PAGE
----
Today might have been the longest IVIG hospital treatment day for my girls and I. The day on its own is tiresome, I mean who wants to sit around a hospital on a day off for 8 plus hours. Throw in an hour meeting with head docs about the possible bone marrow transplants and then a screaming two year old one cubicle over and you have a day point five on your hands.
I’ve been against this bone marrow business since first hearing about it. The way they originally presented it to me was a last resort option and as a road we do not want to go down. Even the Naturopath is baffled why such a thing is even being discussed. And especially now when both girls have been on a serious healthy kick since August.
The end result does sound charming, for sure. New immune systems meaning unassisted health. No more IVIG hospital days. Possible liver improvement for Lexis and larger lung capacity for Lindsey. But hospitalizations for at least three months? Extreme nausea during that time due to the chemo and other drugs and treatments? I’ll stop there. To me it’s not worth it.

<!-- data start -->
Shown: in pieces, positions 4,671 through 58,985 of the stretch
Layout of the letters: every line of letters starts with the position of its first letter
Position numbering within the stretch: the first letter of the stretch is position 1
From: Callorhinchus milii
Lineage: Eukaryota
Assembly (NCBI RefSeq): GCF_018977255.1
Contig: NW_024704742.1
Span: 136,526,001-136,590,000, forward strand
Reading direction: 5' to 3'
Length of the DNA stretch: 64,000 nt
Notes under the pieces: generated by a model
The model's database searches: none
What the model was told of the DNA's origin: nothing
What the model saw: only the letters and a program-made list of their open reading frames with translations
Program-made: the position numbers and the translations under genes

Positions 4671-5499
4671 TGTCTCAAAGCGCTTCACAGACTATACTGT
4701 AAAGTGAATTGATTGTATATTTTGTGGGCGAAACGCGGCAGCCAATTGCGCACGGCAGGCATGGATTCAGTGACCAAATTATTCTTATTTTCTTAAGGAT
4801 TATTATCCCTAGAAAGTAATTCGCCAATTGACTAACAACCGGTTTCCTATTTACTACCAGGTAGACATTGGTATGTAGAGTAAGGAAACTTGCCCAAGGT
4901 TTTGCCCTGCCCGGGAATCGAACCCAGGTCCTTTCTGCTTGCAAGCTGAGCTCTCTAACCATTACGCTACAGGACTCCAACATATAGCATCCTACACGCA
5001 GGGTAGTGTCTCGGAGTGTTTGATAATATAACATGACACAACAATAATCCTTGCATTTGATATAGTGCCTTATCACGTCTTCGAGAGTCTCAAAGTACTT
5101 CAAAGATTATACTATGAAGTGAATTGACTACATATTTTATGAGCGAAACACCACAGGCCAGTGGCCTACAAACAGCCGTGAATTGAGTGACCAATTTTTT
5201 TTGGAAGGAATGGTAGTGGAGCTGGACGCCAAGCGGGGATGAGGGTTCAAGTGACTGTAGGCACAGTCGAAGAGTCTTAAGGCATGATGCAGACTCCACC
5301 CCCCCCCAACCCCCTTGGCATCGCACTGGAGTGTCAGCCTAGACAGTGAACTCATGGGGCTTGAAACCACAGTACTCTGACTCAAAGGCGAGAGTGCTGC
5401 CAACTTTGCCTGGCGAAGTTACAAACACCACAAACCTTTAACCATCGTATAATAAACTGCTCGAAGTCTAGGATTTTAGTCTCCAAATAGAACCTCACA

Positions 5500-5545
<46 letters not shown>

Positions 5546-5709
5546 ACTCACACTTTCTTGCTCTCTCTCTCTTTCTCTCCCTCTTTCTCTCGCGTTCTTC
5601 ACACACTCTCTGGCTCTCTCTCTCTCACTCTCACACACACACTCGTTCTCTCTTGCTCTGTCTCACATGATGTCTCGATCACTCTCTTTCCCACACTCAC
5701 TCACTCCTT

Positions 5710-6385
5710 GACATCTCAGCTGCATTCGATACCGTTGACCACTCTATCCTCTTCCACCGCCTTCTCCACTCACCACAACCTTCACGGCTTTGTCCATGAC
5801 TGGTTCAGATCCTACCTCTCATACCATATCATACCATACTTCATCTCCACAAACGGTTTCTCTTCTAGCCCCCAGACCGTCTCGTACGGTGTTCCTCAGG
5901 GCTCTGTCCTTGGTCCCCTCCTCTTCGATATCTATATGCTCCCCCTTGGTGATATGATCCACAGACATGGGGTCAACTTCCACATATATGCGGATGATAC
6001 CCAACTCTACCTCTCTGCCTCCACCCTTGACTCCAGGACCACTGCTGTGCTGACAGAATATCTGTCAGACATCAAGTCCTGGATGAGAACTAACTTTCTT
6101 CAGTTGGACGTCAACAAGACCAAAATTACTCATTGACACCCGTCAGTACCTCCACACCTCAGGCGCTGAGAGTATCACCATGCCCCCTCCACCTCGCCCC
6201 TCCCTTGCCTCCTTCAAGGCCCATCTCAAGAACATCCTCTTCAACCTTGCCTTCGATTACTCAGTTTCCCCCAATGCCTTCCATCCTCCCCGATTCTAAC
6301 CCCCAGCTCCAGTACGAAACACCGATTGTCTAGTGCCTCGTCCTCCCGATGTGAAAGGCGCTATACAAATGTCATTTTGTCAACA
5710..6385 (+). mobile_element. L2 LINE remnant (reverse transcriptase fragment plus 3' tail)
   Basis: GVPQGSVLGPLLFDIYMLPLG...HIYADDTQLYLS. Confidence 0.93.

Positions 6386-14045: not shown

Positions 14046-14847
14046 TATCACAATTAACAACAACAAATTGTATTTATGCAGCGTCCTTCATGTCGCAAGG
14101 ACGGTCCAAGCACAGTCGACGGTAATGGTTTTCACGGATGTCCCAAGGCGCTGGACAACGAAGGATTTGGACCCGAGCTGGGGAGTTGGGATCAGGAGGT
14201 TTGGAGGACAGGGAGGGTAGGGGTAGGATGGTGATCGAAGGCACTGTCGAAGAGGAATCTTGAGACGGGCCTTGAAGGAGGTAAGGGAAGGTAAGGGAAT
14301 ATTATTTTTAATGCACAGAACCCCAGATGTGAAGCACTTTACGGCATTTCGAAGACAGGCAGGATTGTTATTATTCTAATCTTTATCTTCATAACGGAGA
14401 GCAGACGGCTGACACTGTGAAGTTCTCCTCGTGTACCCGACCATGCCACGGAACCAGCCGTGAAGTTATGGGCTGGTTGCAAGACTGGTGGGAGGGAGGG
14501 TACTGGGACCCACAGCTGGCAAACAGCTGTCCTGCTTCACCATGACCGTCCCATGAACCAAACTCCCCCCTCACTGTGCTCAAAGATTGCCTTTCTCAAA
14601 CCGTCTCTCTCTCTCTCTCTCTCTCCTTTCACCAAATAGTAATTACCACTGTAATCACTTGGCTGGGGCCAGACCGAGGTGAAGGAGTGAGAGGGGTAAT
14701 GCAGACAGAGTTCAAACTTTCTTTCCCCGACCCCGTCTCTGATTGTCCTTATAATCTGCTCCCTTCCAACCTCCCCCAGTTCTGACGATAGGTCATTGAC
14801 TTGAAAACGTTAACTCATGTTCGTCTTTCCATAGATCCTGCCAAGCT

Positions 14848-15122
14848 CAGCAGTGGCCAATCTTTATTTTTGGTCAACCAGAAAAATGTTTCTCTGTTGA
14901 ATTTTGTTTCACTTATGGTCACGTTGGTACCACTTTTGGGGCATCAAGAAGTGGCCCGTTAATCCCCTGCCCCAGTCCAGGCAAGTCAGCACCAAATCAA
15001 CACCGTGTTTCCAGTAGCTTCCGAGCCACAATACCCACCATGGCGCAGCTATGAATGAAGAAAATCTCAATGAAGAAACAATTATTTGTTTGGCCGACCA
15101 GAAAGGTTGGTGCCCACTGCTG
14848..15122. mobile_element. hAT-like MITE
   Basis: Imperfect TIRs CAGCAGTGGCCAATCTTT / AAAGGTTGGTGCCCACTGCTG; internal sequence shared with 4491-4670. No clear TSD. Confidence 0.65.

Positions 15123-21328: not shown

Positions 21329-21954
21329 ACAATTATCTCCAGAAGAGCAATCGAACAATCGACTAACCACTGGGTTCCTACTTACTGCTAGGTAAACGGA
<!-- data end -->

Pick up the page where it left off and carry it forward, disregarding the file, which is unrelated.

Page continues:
Back to the day that has almost passed. I fully realize that we are there for my daughters and they get to lie or sit in beds and nap half the time if they want to. But I’d like to nap too! And all I have is a chair to doze off in. Once in a blue moon one of the nurses will offer me an open bed, bless her little heart but this has happened maybe twice in four years.
Anywho, the process is typically laid out like this: right after lunch we’re all sleepy so we nap. However, this simple fundamental practice isn’t possible when there is a two year old screamimg out in the cubicle right next to you. Sure, it wasn’t non-stop for hours but it was loud, and off and on for a couple hours, disturbing us all.
The father was obviously clueless as was the silent parent a few more cubicles over the other direction while their kid berated them for waking him up. “I can’t believe you woke me up! Why would you do that?! I was sleeping!” I almost laid that kid across my knees then and there.
Five o’clock rolled around and we were ten minutes away from being able to leave. Then things got dicey with Lexis’s O2 levels. She was fine but their machines seemed to think there was an issue, can you imagine? So tack on another hour including another doctor visit and bada bing, we’re all clear to leave.
With Lion King stuffies, water bottles and future blood requisitions in hand, we waltz on out of the unit and out into the hall. That adrenaline rush of freedom mixed with an intense headache is icing on the days cake. I shouldn’t complain. There is an amazing team of docs looking after my girls and these infusions top them up for another month of health for days.
Nonetheless the struggle is real. After this I feel almost entitled to a day off, to sleep half the day and use the other half to refocus and who knows, I just might.